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composed his soul, alleviated his grief,
He had been dwelling in imagination on the house of God;-he had been praying, as it were, for the wings of a dove, that his soul might fly to it and be at rest; and the very impossibility of reaching it, only serves to increase his desires, and inflame his love. Often had the Psalmist of Israel rejoiced, when he beheld the tabernacles of the Lord of hosts. Often had every pious feeling of his soul been roused when he approached them. Often had he been elevated, as it were, from earth to heaven, when he entered their doors, and appeared in the presence of his Maker! But never did this seem so precious, so lovely in his estimation, as now when deprived of this delightful privilege. Perhaps he thought that God had
thus afflicted him, and banished him from his sanctuary, for not having sufficiently prized and valued his former advantages; and he wished and resolved to be more warm and fervent in his future devotions. He seems here to have mourned over his situation, as on a former occasion, when he exclaimed, in these plaintive strains, “ As the hart panteth after the water“ brooks, so panteth my soul after thee, “ O God. My soul thirsteth for God, for “ the living God. When shall I come and appear
before God in Sion !" Corresponding with these expressions of David, will be the sentiments of
every devout Christian at all seasons, but especially when, like him, debarred by distress from the house of God, and the ordi. nances of religion. Distress, my brethren, can melt the hardest heart, and produce lively sentiments of devotion in breasts that were almost, if not utterly devoid of it before. Distress draws us from the world, and brings us near to God. It shews that in ourselves we are mean and weak that without God we are nothing; and that without Christ we are worse than nothing: we are wretched. And if, in the
hour of affliction and exclusion from God's sanctuary, even the heart of the pious David could reproach him with former coldness, what ought to be the feelings of many professing Christians of the present day in a similar situation? How often have they entered into the house of God without one emotion of awe or delight? How often have the souls of their fellow Christians ascended on the wings of fervent prayer to heaven, while theirs lingered cold and listless behind ? How often has Jesus laboured, by the mouth of his servants, to recall them from their wanderings, and to bring them back to the green pastures and still waters of religion; while their minds, engaged by the frivolous vanities of earth, disregarded his entreaties? But those whom the invitations of the Saviour could not move, the frowns of heaven may awe. Then may the tabernacles of God, that before had no charms for them, appear truly amiable. Then may they long to behold them again. Happy if God grant their desire; happier still, if, when they return to his house, they return to God himself, and
do not forfeit, by renewed and redoubled ingratitude, his mercy for ever.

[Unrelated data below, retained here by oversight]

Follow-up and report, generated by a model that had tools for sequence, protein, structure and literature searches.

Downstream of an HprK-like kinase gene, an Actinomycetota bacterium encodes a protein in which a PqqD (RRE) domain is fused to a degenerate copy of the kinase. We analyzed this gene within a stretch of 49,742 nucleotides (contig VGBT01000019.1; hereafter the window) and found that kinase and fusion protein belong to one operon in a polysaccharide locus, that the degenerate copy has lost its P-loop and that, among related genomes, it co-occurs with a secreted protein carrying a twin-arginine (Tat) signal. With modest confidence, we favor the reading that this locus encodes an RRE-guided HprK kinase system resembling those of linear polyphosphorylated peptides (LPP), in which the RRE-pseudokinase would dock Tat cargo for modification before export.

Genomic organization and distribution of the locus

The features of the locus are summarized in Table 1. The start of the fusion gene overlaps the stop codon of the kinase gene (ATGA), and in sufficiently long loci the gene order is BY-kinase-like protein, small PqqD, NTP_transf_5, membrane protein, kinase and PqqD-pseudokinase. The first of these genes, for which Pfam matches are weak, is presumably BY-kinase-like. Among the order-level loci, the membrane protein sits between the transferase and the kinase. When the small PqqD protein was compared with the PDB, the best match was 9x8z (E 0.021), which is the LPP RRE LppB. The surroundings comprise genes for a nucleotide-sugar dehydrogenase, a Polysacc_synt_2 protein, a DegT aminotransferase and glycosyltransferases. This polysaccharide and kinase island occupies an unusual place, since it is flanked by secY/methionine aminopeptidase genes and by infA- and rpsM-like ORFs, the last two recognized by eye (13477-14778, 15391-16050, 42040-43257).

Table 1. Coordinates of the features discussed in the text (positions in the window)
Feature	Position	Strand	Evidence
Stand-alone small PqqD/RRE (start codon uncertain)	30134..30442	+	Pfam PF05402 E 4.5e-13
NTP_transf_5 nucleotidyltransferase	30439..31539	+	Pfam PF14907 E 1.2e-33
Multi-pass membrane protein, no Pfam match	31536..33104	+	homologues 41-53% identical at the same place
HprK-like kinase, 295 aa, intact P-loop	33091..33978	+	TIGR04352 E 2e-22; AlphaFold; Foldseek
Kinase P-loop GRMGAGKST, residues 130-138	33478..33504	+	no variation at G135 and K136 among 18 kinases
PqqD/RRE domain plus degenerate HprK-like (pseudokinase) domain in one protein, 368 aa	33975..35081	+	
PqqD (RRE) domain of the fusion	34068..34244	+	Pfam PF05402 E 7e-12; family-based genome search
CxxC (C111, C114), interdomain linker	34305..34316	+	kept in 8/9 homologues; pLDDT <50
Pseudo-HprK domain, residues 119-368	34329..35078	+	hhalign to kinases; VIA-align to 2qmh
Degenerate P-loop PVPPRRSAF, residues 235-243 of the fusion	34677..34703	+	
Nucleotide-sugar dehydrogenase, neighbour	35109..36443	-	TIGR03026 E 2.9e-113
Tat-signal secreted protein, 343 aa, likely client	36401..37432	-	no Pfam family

Reflect all of you, my friends, even the most pious and devout among you,
that however much you may now love and prize the house of God, you will love and prize it much more, when, by distress or accident, you are from it debarred. Improve, therefore, the precious opportunities you now enjoy, and when; in the season of affliction, your soul burns with the desire of again beholding the amiable tabernacles of the Lord of hosts, he will hear your prayers, as he did those of his servant of old, and bring you once more to the place where his honour dwelleth.
VERSE 2. My soul longeth, yea, even fainteth, for the courts of the Lord; my heart and my flesh crieth out for the living God.
In the warm and genial climes of the East, the mind and body possess a degree of delicacy and sensibility, to which we are in a great measure strangers. Their joys and their griefs are more exquisite than those of which we, in these colder regions, are susceptible. Many of you, my brethren, I doubt not, when debarred
by distress from the house of God, have longed to revisit that sacred place. But where is the man that could adopt the language of David in all its
and say, “ My soul longeth, yea, even faint“eth, for the living God.”
But though the frame of our minds should not, at all times, permit us to adopt this glowing and animated language, yet the colder temperature, both of our climate and constitution, is not to be regarded as any apology for insensibility and lukewarmness in the exercises of religion. For, be it remembered, that we live under a more perfect dispensation than the Psalmist, and enjoy a much greater measure of light and of love. These superior advantages ought to have a suitable effect on our feelings, and to warm the coldest heart with corresponding emotions.
Did David, when driven from his capital by the unnatural conspiracy of Absalom, when stripped of his kingdom and crown, when obliged to fly from place to place with a few faithful adherents, and exposed to constant danger from every quarter, did he seem to forget all these